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Durham e-Theses
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The earlier Palaeolithic of Syria: settlement history, technology and landscape-use in the Orontes and Euphrates Valleys

Shaw, Andrew Douglas (2008) The earlier Palaeolithic of Syria: settlement history, technology and landscape-use in the Orontes and Euphrates Valleys. Doctoral thesis, Durham University.



This thesis represents the first investigation to examine Lower and Middle Palaeolithic technological behaviour in Syria in its wider landscape context, focussing on material from the two main river valleys; the Orontes and the Euphrates. Recent geological work has begun to develop an increasingly secure dating scheme for the terraces of these rivers, and hence for the artefacts obtained from them. Key artefact collections which can be located within these emergent chronostratigraphic frameworks were delimited. These assemblages have been analysed using a dynamic and flexible methodology which enabled the specific factors which affect artefact variability (in terms of local material affordances and human choice) to be assessed. Lithic artefacts are treated as the residues of hominin action, and not, as has frequently been the case, the static markers of chrono-cultural evolution. This research has demonstrated that Lower and Middle Palaeolithic hominins responded knowledgably and flexibly to the specific material constraints of particular places at particular points in time. Moreover, it emphasises that understanding particular assemblages entails relocating this material within its landscape context - effectively, looking from lithic artefacts and scatters to reconstructing early human lifeways. Significant outcomes of this research include the identification of the earliest evidence for a hominin presence in Syria (~1 mya), the technological repertoires associated with these populations, the nature of, and the factors responsible for. Lower and Middle Palaeolithic technological variability, and the behaviours associated with Lower and Middle Palaeolithic hominins. The results of the research have wide-ranging and profound implications for understanding the earlier Palaeolithic record of Syria and the wider Near East. In particular, it demonstrates that many fundamental assumptions regarding the nature and meaning of technological and behavioural variability in the Near East require re-assessing.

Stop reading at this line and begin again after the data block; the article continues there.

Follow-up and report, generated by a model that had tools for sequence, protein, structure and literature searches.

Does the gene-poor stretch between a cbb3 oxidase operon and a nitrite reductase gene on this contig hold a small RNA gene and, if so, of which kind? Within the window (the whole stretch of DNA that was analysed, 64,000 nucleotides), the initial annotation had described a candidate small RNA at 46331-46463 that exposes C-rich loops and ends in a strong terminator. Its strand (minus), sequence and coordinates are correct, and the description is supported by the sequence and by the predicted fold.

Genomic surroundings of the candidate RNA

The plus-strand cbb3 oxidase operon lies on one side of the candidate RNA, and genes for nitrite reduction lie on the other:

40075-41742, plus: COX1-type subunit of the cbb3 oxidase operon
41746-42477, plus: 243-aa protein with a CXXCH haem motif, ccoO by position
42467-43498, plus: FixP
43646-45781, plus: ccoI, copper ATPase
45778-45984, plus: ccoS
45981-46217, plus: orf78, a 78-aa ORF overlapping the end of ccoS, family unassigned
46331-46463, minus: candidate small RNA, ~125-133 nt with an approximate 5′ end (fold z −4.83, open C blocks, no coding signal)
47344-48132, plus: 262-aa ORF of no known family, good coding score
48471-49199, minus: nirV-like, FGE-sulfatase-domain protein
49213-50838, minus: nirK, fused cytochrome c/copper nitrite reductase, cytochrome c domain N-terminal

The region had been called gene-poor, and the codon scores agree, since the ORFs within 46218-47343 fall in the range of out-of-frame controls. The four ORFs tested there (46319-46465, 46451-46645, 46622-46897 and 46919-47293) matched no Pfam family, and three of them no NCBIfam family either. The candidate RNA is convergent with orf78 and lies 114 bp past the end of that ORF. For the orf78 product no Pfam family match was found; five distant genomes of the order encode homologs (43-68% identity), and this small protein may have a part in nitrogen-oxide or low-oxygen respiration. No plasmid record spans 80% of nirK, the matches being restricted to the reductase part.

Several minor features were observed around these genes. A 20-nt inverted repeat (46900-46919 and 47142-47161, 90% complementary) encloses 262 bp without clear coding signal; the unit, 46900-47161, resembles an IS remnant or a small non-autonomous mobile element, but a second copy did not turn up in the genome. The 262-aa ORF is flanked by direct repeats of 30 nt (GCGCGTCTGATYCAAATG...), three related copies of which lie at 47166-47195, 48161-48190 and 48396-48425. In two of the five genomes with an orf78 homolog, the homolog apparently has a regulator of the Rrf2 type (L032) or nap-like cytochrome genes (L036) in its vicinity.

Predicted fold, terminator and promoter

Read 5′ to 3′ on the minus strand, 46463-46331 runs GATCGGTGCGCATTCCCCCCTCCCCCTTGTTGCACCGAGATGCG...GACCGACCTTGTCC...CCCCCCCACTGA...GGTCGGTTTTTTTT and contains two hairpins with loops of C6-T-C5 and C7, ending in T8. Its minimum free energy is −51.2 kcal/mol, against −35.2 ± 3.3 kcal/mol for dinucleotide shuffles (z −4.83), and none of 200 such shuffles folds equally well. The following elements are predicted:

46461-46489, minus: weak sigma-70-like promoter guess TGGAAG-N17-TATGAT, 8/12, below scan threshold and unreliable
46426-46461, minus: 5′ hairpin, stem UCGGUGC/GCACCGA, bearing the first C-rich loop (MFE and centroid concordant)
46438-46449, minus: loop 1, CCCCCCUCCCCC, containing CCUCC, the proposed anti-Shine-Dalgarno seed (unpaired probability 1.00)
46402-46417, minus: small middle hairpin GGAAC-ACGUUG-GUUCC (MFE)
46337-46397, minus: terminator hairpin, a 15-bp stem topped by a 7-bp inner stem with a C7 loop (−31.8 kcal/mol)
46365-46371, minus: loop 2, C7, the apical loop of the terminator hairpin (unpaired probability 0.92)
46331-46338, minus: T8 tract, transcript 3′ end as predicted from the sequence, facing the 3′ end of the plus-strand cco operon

Item Type:Thesis (Doctoral)
Award:Doctor of Philosophy
Thesis Date:2008
Copyright:Copyright of this thesis is held by the author
Deposited On:08 Sep 2011 18:28

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